Karl Fogel at
Reminder: the U.S. President regularly responds to questions by delivering long meaningless word salads in public. (Start at "Thank you, Mr. President" in the page below to see the Q&A. The preceding speech isn't that great either.)
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The difference between "income" and "wealth" is fuzzy. Concentrations of wealth are used to create more wealth in the same hands -- yet whether that derivative wealth is called "income" or "wealth" or "capital gains" is an exercise in nominalism.
I don't see how a wealth tax is any more "outright theft" than property taxes are, since property taxes are simply taxes on a particular form of wealth. (You may consider property taxes to be outright theft as well, in which case you would have the virtue of consistency!)
That historical top *marginal* rate of 70% on *income* is fairly random, I think. I don't really care that much if that number is 65%, or 70%, or whatever. What matters much more is how the taxable base is defined in the first place. We've defined certain things -- e.g., "capital gains" -- out of the category of "income". There are theoretical public-good arguments in favor of doing that (freeing up for investment the money that is most likely to be used for investment is the main one, I believe), but the practical results of our policies over the last forty years are in plain site: much sharper inequality (I'll go with the Gini Coefficient, but it's much sharper according to many other reasonable definitions too) than we used to have.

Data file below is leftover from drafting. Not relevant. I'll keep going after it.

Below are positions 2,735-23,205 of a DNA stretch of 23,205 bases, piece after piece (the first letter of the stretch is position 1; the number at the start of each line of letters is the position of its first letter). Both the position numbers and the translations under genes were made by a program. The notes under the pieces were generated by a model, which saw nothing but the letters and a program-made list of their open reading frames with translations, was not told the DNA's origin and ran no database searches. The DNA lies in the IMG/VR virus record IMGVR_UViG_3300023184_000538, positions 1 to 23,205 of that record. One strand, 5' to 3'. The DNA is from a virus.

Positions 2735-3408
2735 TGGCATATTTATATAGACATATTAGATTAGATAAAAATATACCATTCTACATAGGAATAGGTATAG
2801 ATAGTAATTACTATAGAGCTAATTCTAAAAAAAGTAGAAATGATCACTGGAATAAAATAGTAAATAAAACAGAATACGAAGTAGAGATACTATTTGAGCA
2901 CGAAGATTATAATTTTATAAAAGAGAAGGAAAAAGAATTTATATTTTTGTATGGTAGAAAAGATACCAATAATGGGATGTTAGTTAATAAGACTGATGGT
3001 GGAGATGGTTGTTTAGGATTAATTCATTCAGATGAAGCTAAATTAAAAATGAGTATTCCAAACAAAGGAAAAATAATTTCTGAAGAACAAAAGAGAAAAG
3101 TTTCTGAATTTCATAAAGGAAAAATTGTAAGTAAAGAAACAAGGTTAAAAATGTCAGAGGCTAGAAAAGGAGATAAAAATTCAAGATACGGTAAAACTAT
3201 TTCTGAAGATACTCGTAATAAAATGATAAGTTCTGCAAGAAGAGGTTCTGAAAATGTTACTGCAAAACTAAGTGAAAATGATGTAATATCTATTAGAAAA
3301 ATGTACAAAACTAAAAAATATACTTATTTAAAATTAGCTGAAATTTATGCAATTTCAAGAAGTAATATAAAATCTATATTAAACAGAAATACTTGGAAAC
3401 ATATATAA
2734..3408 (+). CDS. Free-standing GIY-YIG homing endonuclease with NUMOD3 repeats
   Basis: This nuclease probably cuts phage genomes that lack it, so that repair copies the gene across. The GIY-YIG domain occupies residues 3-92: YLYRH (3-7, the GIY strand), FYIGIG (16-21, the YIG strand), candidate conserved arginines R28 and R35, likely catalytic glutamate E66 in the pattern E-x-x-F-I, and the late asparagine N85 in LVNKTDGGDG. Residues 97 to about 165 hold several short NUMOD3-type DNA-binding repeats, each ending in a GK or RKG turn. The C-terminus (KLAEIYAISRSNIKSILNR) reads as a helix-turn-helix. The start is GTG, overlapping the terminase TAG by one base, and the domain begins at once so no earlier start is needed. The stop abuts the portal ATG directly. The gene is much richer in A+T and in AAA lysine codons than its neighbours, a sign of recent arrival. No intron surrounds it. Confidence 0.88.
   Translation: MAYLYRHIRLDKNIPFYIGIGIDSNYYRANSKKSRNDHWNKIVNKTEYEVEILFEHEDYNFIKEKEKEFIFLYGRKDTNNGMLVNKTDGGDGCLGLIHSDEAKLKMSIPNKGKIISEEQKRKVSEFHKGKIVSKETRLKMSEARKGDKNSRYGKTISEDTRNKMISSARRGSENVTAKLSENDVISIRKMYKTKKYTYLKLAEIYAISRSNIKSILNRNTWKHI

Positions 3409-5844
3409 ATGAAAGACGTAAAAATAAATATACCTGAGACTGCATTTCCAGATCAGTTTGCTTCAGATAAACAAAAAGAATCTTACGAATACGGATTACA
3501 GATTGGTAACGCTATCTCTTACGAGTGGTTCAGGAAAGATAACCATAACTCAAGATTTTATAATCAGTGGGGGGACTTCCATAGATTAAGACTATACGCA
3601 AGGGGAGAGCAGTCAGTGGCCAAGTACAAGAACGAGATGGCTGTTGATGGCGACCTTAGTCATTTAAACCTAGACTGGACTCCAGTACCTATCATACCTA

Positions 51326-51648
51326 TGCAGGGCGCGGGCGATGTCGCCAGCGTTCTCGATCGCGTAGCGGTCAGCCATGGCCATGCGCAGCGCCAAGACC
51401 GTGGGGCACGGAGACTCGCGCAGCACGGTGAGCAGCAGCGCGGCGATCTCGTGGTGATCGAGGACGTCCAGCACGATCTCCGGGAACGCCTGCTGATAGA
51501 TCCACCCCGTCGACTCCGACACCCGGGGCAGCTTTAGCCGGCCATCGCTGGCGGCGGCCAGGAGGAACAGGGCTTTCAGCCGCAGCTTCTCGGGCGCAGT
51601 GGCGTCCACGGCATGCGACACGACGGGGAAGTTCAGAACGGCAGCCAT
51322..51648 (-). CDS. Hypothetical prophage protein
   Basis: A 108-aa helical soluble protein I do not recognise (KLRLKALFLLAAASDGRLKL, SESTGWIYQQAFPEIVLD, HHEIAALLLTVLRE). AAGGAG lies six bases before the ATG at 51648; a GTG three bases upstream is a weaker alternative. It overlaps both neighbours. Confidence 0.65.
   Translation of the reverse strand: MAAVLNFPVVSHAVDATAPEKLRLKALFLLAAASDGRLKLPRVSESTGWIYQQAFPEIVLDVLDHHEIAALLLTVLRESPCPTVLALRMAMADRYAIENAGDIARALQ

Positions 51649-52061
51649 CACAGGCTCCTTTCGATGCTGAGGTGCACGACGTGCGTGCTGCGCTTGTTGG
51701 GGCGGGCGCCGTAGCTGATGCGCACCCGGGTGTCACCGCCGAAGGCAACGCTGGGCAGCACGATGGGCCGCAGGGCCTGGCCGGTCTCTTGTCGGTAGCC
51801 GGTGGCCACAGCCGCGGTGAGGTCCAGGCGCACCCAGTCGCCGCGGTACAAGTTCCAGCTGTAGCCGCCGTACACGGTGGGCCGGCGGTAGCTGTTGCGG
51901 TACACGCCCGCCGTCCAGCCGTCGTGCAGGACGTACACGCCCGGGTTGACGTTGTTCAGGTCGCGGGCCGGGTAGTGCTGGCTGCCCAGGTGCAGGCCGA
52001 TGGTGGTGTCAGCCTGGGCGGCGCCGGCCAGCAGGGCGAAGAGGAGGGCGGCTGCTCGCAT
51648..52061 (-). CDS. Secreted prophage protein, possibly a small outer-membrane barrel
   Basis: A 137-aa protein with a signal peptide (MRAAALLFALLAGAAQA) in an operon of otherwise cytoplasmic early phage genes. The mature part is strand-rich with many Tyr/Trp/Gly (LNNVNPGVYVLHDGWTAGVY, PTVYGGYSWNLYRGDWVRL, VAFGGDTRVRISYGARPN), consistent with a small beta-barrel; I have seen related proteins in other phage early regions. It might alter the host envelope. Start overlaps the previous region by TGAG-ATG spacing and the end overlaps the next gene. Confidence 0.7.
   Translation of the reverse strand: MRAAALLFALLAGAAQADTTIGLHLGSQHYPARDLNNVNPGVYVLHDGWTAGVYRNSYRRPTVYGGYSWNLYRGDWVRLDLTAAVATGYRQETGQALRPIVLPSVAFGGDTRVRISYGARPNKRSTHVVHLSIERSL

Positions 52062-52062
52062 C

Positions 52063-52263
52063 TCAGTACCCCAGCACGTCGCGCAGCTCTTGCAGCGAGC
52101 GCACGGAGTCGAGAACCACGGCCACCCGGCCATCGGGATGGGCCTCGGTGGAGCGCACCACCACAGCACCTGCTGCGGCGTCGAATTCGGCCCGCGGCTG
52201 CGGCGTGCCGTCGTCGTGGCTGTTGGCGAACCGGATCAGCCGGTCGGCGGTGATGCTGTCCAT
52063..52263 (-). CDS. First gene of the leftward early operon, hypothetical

In any case, even if one doesn't like Elizabeth Warren's policies (I do like them, but I understand why you don't), she is not aggressively trying to destroy the foundations of Constitutional governance in this country, spread lies that damage the entire political process, etc. It's also obvious that she would not use the Presidency for personal gain. Trump's problems are not merely of a different magnitude, they are of a different kind. Tax policy is important, but it's not the most important thing at stake in this election.